It's elemental 

Beacon Dance completes its four-part epic with an ode to air

The old brick walls are stained and pocked. The concrete floor is cracked and roughly patched. Above, the ceiling is a puzzle of boards dark with age and new planks of white-yellow pine.

Where there was once a delivery gate, an old wood-burning stove punches its pipe through new plywood. It couldn't possibly heat this place; there's too much air in here. An old bank of windows is walled shut with cinder blocks. And where once there was a wall, someone has busted a jagged doorway through the bricks.

In this space, Beacon Dance will perform To Air is Human, the final installment in the company's four-part epic, The Elemental Project. All four pieces are site-specific works; they exist in conversation with the performance spaces. And each is multi-disciplinary, bringing together modern movement, aerial dance, music, spoken word, theater and video projections around one of the four basic elements: water, earth, fire and air.

There is a life cycle to The Elemental Project. The series started in 1998 with Water Study, staged in the vast basement of City Hall East. The dance looked at the beginnings of life: the ocean, the amniotic cradle, the baptismal bath of rebirth. Earth 1999 emerged from the primordial ooze to stomp about on hard rocks and dry leaves in City Hall East's Gallery. Lives transformed and ended were the subject of Into the Inferno, which brought pyrotechnics to the Atlanta Contemporary Art Center.

To Air is Human, opening at The B Complex May 1, examines freedom beyond corporeal being. Artistic Director D. Patton White began work on the piece in June 2001. He gave his dancers a series of questions to write about over the summer. Among them: "What would you give up to be free?" "What are you holding onto? Why are you holding onto it?" "What dreams do we have? Do they imprison us as well?"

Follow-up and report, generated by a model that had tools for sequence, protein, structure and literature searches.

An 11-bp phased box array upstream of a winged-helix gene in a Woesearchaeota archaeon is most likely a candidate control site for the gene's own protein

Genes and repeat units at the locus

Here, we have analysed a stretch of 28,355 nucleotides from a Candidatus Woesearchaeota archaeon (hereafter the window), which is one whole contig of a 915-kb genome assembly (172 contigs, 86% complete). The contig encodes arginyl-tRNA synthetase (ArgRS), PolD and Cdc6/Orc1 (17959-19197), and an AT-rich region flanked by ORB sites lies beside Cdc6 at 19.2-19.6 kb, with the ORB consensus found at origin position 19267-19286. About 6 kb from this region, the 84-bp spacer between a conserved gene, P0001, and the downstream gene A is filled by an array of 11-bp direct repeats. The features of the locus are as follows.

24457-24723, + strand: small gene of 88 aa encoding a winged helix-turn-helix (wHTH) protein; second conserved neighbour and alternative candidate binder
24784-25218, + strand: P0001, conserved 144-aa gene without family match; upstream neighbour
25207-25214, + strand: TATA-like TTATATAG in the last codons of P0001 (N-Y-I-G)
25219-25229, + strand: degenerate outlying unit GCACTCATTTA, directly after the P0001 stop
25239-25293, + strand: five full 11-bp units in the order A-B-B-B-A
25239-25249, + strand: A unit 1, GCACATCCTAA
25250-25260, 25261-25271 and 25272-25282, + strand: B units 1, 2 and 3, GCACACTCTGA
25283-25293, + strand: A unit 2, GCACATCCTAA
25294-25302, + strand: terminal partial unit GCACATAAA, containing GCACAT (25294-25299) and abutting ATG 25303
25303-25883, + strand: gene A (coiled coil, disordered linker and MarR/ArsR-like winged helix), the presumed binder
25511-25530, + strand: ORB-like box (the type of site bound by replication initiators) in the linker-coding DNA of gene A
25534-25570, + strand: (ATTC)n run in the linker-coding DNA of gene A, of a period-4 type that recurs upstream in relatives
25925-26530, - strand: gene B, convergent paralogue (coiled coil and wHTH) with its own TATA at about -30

Three months later, the 9-11 attacks gave new meaning to the questions. In the land of the free, suspects were held without trial or charge, the Justice Department freed itself of fundamental judicial restraints, and librarians were drafted as secret agents in the war on terror. "We were faced with different ways that our government was starting to take away our freedoms," says White.

The dance company's response is a series of structured improvisations -- free movement unified by common questions -- in the old Lanham Cotton Cultivator building, now owned by an artists' collective. (White had hoped to return to City Hall East for To Air is Human, but heightened security measures made it impossible.) "The dance itself continues to be as free as it can possibly be," says White, "not something that's pre-determined and devoid of the life that we hope this format brings to the piece."

Dressed in richly textured sheer whites, the dancers look like animated clouds in the troposphere, like angels in flight. They build fleeting sculptures of plastic chairs, walk the floor in blindfolds, fly on a trapeze and play in a pile of cast-off clothes. They ride a caravan of noisy vehicles: a wheelbarrow, a dolly with a seat, a bed built on a rolling platform for moving dreams.

White panels of fabric, rolling in the breeze, serve as screens for Maya Ciarrocchi's video projections, which include close-up footage of the dancers, images of Ground Zero and studies of the qualities of air. On a raised stage, Allen Welty-Green mixes ambient tonal sounds. Beth Heidelberg plays the flute and other winds.

The audience is also encouraged to be free. Traditional boundaries are violated and the usual scripts abandoned. The dance is all around you. You decide where to sit or stand, where to watch as the dancers move about. A dancer may touch you; she may ask, "What do you dream?" or "How free are you really?" "They can choose to answer us, or they can choose to respond ... with a gesture or a movement or a sigh or a look of the eyes," says White. "Or they can break free and feel the spirit move 'em."

If the freedom feels too much like falling, Beacon's Amy Zeger-Burton will be there as a "caretaker." "If somebody feels like they need some guidance," says White, "she is there to be that liaison, somebody who is making sure that the audience doesn't freak out."

The experience is not for everyone. Those who need an anonymous seat in a darkened hall from which to watch a well-lit proscenium performance may find this too much vertigo. But for those up to the jump, it's an emancipating rush.

Perhaps, in this space, there will be a rhythmic rebellion, a lyrical liberation, a shedding of the weights that tell us we can't fly. It feels like this: an upswept wind, a cyclone and a sigh.



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